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Bringing Good Teaching Cases “To Life”: A Simulator-Based Medical Education Service

Gordon, James A. MD, MPA; Oriol, Nancy E. MD; Cooper, Jeffrey B. PhD

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On the eve of the new millennium, an auditorium filled with teaching faculty from Harvard Medical School (HMS) convened at the American Academy of Arts and Sciences to consider the future of medical education. A large breakout group was asked to review the role of educational technology in curricular reform. Reflecting on years of local discussion and pilot work in medical simulation, the committee observed: “Simulators are important tools and their use should be funded. …A principal urging of this committee [is] an increased incorporation of simulation into the students’ education.”1 Little more than a year later, an on-campus program in medical simulation at HMS was born.

High-fidelity patient simulators—full-body mannequin-robots that breathe, talk, blink, and respond “like a real person”—promise to play a revolutionary role in undergraduate medical education.2 Allowing students to “practice without risk” on the simulator creates a powerful new framework for the thoughtful integration of basic and clinical science, long a goal of medical educators worldwide. Often described as “flight simulation for doctors,” the rationale, utility, and range of medical simulation have been well-described elsewhere,3–5 yet the challenge of integrating this technology into medical school curricula as preparation for treating real patients has received relatively little attention. Our goal in this article is neither to describe the range of applications of medical simulation nor to review the extant literature on use of medical simulators. Rather, we detail one example of the development of a simulator program in an undergraduate medical curriculum, hoping to share the lessons of our experience with the growing number of medical schools considering such an initiative.

Realistic Patient Simulation in Medical Education

The use of realistic simulation in medical education has expanded worldwide, with the number of simulation centers rising from under 20 to over 200 in less than a decade.6 Following on early work at Stanford,7 the anesthesia departments affiliated with HMS collaborated to create an off-campus Center for Medical Simulation (CMS) about ten years ago, “dedicated to improving the quality of health care through teaching teamwork and clinical decision making using simulation.”8 Simulation exercises at this center and others appear to be playing an increasing role in medical education not merely because the sessions are enjoyable, but because they provide an enhanced environment for experiential learning and reflective practice.9–12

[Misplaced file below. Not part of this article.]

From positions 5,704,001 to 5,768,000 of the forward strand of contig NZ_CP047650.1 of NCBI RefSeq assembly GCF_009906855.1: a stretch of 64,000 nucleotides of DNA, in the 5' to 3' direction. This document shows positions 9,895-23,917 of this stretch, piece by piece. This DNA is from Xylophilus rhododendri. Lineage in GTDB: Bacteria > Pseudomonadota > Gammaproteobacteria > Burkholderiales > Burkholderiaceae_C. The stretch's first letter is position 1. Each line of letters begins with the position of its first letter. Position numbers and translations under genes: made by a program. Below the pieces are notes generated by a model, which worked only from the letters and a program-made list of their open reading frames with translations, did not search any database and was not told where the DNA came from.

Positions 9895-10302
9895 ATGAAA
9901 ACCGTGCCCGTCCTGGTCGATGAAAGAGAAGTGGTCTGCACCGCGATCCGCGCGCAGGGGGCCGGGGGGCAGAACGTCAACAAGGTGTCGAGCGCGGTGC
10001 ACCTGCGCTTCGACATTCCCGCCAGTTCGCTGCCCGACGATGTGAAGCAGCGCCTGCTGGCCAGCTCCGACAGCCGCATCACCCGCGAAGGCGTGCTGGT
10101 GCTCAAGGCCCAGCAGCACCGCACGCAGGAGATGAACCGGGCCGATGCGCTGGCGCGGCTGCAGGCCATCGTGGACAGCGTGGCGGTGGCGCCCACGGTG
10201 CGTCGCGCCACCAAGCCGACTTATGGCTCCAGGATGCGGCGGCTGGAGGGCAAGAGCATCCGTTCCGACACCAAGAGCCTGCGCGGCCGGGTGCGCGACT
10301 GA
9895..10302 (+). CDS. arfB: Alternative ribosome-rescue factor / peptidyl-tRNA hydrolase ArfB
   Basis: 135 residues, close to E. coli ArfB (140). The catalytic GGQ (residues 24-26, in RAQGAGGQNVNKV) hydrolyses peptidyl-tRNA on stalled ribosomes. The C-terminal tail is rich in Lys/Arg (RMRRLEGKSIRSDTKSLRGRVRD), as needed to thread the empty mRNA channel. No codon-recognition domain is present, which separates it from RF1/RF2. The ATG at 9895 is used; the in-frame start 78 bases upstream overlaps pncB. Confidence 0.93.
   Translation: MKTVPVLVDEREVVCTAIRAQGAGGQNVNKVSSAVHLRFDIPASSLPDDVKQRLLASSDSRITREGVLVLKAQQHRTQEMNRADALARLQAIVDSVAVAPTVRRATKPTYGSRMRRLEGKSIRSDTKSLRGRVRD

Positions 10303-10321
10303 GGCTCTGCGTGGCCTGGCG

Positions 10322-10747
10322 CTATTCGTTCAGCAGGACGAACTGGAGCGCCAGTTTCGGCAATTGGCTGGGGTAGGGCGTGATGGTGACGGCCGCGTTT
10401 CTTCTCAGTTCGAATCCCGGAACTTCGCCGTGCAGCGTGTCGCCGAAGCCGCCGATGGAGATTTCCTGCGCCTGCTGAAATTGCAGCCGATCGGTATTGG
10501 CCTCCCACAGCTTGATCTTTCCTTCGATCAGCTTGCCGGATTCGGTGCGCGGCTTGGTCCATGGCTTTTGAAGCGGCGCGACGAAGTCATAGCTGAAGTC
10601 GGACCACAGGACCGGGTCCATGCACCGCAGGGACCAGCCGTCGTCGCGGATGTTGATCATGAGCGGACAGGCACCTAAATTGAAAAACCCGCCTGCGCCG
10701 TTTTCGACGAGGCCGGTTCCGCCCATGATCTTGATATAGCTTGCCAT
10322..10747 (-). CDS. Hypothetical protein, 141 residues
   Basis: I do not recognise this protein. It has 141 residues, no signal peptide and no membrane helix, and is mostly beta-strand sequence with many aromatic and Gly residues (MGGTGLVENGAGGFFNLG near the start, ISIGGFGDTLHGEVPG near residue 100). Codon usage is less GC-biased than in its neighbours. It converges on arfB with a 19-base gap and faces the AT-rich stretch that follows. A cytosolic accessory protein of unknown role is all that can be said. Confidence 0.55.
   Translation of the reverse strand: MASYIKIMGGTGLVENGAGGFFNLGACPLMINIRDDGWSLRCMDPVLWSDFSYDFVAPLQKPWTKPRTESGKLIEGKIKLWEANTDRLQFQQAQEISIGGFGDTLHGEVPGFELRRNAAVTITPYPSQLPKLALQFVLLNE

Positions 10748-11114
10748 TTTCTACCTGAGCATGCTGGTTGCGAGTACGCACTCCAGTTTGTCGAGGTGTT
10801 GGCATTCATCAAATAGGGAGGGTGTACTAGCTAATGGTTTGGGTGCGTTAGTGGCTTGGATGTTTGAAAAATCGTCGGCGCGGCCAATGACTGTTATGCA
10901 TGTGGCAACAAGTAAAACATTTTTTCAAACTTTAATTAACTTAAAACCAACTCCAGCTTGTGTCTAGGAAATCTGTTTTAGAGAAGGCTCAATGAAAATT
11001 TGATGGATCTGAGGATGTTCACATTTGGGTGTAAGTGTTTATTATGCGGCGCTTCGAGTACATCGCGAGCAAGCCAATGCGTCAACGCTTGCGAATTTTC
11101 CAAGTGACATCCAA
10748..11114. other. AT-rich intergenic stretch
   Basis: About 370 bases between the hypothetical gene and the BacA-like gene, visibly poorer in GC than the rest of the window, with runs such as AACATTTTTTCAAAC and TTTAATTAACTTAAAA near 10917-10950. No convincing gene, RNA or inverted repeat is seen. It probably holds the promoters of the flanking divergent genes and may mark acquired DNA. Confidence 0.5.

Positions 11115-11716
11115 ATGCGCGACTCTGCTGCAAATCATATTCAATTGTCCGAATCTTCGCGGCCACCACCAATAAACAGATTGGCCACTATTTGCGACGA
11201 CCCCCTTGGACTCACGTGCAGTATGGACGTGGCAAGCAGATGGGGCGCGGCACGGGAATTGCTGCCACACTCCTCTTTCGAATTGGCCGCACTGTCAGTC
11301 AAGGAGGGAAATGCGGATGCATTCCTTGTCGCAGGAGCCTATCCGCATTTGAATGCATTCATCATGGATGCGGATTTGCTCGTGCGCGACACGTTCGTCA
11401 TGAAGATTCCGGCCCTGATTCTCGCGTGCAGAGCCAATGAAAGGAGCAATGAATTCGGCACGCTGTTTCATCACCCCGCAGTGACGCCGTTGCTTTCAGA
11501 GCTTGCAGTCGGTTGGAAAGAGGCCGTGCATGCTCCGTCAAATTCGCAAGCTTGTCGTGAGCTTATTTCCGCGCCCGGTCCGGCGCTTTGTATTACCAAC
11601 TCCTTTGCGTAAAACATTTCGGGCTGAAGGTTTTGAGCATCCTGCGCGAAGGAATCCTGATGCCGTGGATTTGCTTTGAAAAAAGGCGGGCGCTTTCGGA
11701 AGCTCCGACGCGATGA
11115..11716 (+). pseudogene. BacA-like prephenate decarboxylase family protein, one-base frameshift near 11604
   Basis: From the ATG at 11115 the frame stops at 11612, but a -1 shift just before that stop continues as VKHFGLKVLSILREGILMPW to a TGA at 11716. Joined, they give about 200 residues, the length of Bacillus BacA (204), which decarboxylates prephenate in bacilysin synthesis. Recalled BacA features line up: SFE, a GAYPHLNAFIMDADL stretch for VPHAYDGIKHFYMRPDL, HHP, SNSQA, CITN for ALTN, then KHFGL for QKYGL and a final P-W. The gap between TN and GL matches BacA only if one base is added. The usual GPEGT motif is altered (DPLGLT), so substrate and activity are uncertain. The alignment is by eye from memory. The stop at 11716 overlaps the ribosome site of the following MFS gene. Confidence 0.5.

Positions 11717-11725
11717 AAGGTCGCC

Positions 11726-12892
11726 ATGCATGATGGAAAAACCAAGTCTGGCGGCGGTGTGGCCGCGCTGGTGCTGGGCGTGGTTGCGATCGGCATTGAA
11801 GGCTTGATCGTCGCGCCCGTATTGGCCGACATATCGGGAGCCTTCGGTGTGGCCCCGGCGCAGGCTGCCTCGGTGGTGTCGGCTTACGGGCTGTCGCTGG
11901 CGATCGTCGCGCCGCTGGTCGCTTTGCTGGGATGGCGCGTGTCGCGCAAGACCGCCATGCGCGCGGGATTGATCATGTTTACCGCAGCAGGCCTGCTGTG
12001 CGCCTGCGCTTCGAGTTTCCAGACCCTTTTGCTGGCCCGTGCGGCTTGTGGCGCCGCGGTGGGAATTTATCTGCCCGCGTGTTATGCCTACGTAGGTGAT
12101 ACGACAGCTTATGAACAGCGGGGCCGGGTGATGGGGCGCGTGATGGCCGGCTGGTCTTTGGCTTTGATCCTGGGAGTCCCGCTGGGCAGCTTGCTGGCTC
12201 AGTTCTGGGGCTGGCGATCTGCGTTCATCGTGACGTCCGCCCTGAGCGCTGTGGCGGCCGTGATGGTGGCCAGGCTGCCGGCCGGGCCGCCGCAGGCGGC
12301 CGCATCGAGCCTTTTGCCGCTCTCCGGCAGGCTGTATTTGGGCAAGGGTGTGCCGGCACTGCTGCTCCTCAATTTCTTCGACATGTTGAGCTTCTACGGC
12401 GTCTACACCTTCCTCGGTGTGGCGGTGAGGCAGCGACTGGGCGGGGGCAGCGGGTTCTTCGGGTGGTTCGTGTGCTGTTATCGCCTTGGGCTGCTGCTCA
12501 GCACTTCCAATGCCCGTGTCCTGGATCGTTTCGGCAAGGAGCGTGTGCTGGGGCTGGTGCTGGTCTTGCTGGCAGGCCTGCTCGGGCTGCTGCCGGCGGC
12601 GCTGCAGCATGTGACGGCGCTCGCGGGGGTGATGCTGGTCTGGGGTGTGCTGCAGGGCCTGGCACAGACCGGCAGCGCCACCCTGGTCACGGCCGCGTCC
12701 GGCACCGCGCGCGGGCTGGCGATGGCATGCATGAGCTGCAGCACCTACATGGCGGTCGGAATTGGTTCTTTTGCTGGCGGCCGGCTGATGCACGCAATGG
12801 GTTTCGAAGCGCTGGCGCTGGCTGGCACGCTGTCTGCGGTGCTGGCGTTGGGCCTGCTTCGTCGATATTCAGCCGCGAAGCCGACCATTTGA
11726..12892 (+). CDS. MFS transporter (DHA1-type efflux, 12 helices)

In particular, medical simulation promises to enhance learning by targeting commonly elusive pedagogic objectives: realistic training prior to the care of actual patients, uniform exposure to clinical case material, and flexible learning in a dynamic environment. Consider the issue of patient safety, and imagine a practitioner who makes a clinical mistake; immediately after realizing the error, he or she will experience an emotional reaction that is powerfully instructive—but only for the next patient. What if educators could replicate such cognitive dynamics in a simulated environment,13 allowing trainees to “live through” a compendium of important cases in a fraction of real-time? At least for some medical students under this paradigm, simulation may allow complex information to be understood and retained more efficiently than would be the case with traditional methods, favoring early development of expertise in the formative years.14,15

The Program

Objectives and Preparation

To explore these possibilities, a group of faculty and residents instituted a simulator-based “medical education service” at HMS. It was intended to function as any other medical teaching service, but designed exclusively to help students recreate integrated clinical experiences, on demand.16 Built on years of pilot work at CMS, the on-campus program at Harvard was formally established in 2001. With the announcement of start-up funding, several organizational steps were taken to formalize the initiative:

Step 1: Interdisciplinary oversight

The dean for medical education invited a select group of educators to join a new Medical Education Center (MEC) Simulation Executive Committee. An on-campus program director was appointed and supported by a faculty teaching fellowship award. The interdisciplinary composition of the committee was critical for establishing credibility and oversight; the group was co-chaired by the dean for medical education and the associate dean for student affairs, and comprised a range of faculty physicians, administrators, educators, and bioengineers as stakeholders.